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Scalpers Are Snatching Up The Hottest Trader Joe's Items

Internet hype is only one reason your favorite item may be out of stock right now.

Trader Joe's is an endless source of exciting new foods to covet. That's a big reason why fans, including many of our own editors, gravitate to the specialty grocer so much.

Case in point: TJ's Squiggly Knife Cut Style Noodles. Customers have been fawning over the Taiwanese-style air-dried noodles ever since they  arrived in stores last month.

Commenters on social media quickly compared them to celebrity chef David Chang's pricier Momofuku-brand noodles, and enthusiasts on TikTok attracted thousands of gawkers by showcasing various tantalizing ways to customize TJ's chewy, ruffled noodles.

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This reporter picked up a package of the trendy noodles from a towering display at my local Trader Joe's in Brooklyn, N.Y., back on Jan. 25. I soon understood all the fuss. The squiggly noodles are cheap: just $4.99 for pack of four servings. They're super quick to make: ready in under five minutes. And they're especially delicious with just a dollop of chili crisp swirled into the mix.

Store display of Trader Joe's Squiggly Knife Cut Noodles
Chris Shott

I was thrilled to discover such a fast, affordable, and satisfying lunch option for busy weekdays, slurping through all four servings within the same number of days and planning to restock my pantry with more as soon as possible.

Trouble is, I haven't been able to find another package ever since. Each time I returned to Trader Joe's the noodles were all gone.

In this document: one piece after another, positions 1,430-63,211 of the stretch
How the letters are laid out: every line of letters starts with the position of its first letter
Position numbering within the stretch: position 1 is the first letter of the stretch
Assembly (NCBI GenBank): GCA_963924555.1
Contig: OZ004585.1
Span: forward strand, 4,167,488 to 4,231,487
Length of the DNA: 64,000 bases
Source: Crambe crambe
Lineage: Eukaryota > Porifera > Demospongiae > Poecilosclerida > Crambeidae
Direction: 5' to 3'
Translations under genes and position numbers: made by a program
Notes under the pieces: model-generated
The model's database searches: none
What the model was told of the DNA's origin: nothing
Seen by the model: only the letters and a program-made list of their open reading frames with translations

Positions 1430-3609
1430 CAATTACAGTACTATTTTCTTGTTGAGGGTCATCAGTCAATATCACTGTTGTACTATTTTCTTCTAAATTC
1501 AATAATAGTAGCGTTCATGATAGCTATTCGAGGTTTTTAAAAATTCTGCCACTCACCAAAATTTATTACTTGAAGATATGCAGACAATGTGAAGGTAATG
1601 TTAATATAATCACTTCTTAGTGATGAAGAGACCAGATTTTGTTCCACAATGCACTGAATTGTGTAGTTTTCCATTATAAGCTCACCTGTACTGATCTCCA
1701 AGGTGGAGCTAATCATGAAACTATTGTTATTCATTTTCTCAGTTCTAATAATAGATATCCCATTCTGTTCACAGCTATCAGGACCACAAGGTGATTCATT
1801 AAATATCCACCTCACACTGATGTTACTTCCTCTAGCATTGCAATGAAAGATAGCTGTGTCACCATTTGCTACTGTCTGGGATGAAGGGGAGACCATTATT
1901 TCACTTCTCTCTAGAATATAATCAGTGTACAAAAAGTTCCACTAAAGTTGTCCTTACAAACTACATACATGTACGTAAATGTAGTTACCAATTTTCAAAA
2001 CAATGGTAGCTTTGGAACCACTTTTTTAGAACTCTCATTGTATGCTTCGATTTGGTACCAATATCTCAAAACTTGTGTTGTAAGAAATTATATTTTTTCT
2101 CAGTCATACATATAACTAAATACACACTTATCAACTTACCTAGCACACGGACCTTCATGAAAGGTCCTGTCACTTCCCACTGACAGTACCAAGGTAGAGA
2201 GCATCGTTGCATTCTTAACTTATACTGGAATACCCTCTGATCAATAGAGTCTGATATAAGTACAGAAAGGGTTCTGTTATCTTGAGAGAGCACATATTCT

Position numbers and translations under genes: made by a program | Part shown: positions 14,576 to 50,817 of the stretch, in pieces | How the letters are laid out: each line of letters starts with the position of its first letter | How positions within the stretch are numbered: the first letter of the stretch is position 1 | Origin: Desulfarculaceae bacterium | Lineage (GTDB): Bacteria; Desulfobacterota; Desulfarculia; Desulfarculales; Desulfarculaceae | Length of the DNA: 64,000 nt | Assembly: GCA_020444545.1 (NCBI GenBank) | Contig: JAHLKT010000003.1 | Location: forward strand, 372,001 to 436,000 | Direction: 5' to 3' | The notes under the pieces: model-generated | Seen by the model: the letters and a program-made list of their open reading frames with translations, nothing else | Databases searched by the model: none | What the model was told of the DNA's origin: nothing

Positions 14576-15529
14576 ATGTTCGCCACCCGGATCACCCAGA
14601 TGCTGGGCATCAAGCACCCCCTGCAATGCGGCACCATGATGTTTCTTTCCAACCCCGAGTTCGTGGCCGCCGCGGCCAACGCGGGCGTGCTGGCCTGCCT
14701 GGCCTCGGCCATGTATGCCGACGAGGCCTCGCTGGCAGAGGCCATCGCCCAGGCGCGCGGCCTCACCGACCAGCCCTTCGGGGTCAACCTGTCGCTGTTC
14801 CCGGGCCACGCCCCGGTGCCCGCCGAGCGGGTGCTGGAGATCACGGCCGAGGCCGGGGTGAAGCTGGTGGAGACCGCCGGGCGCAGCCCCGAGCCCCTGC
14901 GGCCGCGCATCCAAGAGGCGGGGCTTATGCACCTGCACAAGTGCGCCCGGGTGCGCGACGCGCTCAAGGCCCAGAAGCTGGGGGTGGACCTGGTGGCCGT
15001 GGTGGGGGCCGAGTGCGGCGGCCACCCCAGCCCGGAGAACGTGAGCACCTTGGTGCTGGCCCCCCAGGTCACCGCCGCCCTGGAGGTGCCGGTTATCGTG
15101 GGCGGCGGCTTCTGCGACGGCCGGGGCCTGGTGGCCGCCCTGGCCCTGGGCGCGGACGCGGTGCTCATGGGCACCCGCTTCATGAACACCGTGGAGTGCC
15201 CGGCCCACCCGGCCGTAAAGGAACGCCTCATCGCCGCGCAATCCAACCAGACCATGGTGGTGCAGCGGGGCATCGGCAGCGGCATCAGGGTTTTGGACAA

Now, it turns out, there's an explanation for the sudden squiggly noodle shortage beyond all the Internet hype.

Scalpers are apparently snatching up the popular noodles and reselling them on eBay for as much as $20 a pop, according to a Feb. 24 editorial in the San Luis Obispo Tribune. The article noted that most—"if not all"—TJ's locations have been wiped out of the popular product, and it's probably not coming back until April.

Writer Stephanie Finucane pointed out there is nothing illegal about shoppers profiteering off of these items, thanks to a principle called the "first sale doctrine," but argued that "it still still stinks — and if there were any justice, it would get the resellers banned for life from TJ's."

Trader Joe's reportedly has been grappling with the resale issue for years now, with company executive calling it "not fair on many levels" but "really, really tricky" to resolve, during a 2019 podcast on the subject.

Even the secondary market appeared to be pretty dried up when I checked eBay on Feb. 27, with just one California-based seller still offering up the TJ's squiggly noodles, with a starting price of $9.98, plus $11.55 for shipping. The item had already generated a couple of bids.

I did find several other buzzy new TJ's items also available through the online marketplace, including three newly released store-brand seasoning blends—Ketchup, Pizza, and Sriracha—all marked up to more than double the retail price.

Chris Shott
Chris Shott is the Deputy Editor covering restaurants and groceries for Eat This, Not That! Read more about Chris